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Candidates
ELECTION 98 MAIN | | REMOTE NAVIGATOR

Candidate Profile from Congressional Quarterly

Joseph M. Hoeffel (D) of Abington
Challenger
  • Born: September 3, 1950, Philadelphia.
  • Education: Boston U., B.S., 1968-72; Temple U., J.D., 1980-86.
  • Military Service: Army Reserves, 1970-76.
  • Occupation: Lawyer.
  • Family: Wife, Francesca; two children.
  • Religion: Protestant.
  • Political Career: Pa. House, 1977-84; Democratic nominee for U.S. House, 1984, 1986; Montgomery County commissioner, 1992-present; Democratic nominee for U.S. House, 1996.


  • Campaign Address: 24 W. Airy St., Norristown, PA 19401
  • Telephone: (610) 272-6445
  • Fax: (610) 272-6169
  • E-mail: Not reported.
  • Web: Not reported.

Avenging an 84-vote loss in 1996, Hoeffel convinced voters in this wealthy suburban-Philadelphia district that he is the moderate, independent voice they want in Congress.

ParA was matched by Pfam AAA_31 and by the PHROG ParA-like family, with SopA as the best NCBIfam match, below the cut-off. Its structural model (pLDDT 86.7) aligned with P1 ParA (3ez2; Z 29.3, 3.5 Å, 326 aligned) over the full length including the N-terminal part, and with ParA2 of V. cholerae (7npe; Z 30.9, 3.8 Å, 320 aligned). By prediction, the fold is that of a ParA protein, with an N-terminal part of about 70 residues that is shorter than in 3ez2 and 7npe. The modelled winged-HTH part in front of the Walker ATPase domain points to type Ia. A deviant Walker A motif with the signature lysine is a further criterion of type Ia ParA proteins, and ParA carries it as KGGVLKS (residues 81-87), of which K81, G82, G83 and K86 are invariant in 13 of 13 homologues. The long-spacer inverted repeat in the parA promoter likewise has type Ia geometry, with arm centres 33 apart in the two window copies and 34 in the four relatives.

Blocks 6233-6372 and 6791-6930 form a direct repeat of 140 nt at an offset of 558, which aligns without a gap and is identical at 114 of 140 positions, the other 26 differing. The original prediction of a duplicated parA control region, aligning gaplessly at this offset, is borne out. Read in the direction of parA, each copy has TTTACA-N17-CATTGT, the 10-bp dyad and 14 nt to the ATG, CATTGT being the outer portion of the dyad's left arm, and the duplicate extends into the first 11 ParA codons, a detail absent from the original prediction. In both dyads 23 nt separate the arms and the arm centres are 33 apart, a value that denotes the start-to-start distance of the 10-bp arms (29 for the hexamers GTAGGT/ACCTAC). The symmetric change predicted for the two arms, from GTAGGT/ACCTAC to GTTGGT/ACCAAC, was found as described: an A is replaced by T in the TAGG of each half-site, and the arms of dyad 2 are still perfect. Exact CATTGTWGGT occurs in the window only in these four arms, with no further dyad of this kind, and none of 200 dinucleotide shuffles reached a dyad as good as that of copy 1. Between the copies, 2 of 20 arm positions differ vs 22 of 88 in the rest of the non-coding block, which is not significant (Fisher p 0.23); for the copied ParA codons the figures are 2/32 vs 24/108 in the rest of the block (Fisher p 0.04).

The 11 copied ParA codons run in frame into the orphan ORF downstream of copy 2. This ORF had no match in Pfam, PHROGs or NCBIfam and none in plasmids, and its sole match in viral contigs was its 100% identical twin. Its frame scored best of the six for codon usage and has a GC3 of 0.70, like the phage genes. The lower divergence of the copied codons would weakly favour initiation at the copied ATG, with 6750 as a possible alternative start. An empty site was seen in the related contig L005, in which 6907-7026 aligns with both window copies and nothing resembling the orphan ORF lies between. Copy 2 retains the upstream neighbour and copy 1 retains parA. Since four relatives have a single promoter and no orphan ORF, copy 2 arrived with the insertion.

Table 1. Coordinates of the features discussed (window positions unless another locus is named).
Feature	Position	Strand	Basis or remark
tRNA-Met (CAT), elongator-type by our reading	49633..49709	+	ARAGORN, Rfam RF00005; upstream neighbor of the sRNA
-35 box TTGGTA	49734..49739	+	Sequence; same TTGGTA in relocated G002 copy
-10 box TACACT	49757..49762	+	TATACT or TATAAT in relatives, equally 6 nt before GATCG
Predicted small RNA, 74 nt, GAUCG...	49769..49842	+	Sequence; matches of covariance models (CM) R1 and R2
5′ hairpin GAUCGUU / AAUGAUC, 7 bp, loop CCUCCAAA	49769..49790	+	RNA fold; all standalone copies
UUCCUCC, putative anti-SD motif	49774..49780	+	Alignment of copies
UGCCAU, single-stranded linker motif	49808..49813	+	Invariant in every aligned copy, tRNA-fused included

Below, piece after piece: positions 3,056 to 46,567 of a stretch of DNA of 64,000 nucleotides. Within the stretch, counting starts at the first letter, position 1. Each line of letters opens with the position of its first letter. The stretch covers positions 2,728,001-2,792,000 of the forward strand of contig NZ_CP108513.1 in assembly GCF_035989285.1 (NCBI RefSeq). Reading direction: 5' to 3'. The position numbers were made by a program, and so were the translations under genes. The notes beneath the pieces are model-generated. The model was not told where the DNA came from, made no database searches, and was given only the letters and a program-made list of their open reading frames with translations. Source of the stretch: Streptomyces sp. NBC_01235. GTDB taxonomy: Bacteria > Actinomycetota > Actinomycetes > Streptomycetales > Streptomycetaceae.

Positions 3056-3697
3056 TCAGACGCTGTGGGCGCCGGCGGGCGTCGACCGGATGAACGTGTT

The socially progressive fiscal conservative prides himself on his refusal to toe the party line. He illustrated this in the campaign by vehemently criticizing efforts to impeach President Clinton while at the same time refusing to attend an October fundraiser with the president. He did welcome a visit from the first lady, however, as well as one from former Reagan press secretary James Brady, who supported Hoeffel for his views on gun control.

Despite his independence, he says he is proud to be a Democrat and likely will fall in line with the party on the majority of issues, especially social ones. On education, he supports national academic standards and smaller classes. He wants to strengthen the Endangered Species Act, as well as clean air and water laws. He also advocates reform of health maintenance organizations to allow doctors more leeway and patients more choices, including the ability to sue for coverage denials. And he supports abortion rights, including so-called "partial-birth" abortions, government funding of the procedure and approval of the abortion drug RU-486.

Economically, however, he asserts that he is more conservative. He has indicated that he favors a "responsible" balanced budget. And, although he admits it may be unlikely, he wants a committee assignment to Appropriations, Budget or Ways and Means.


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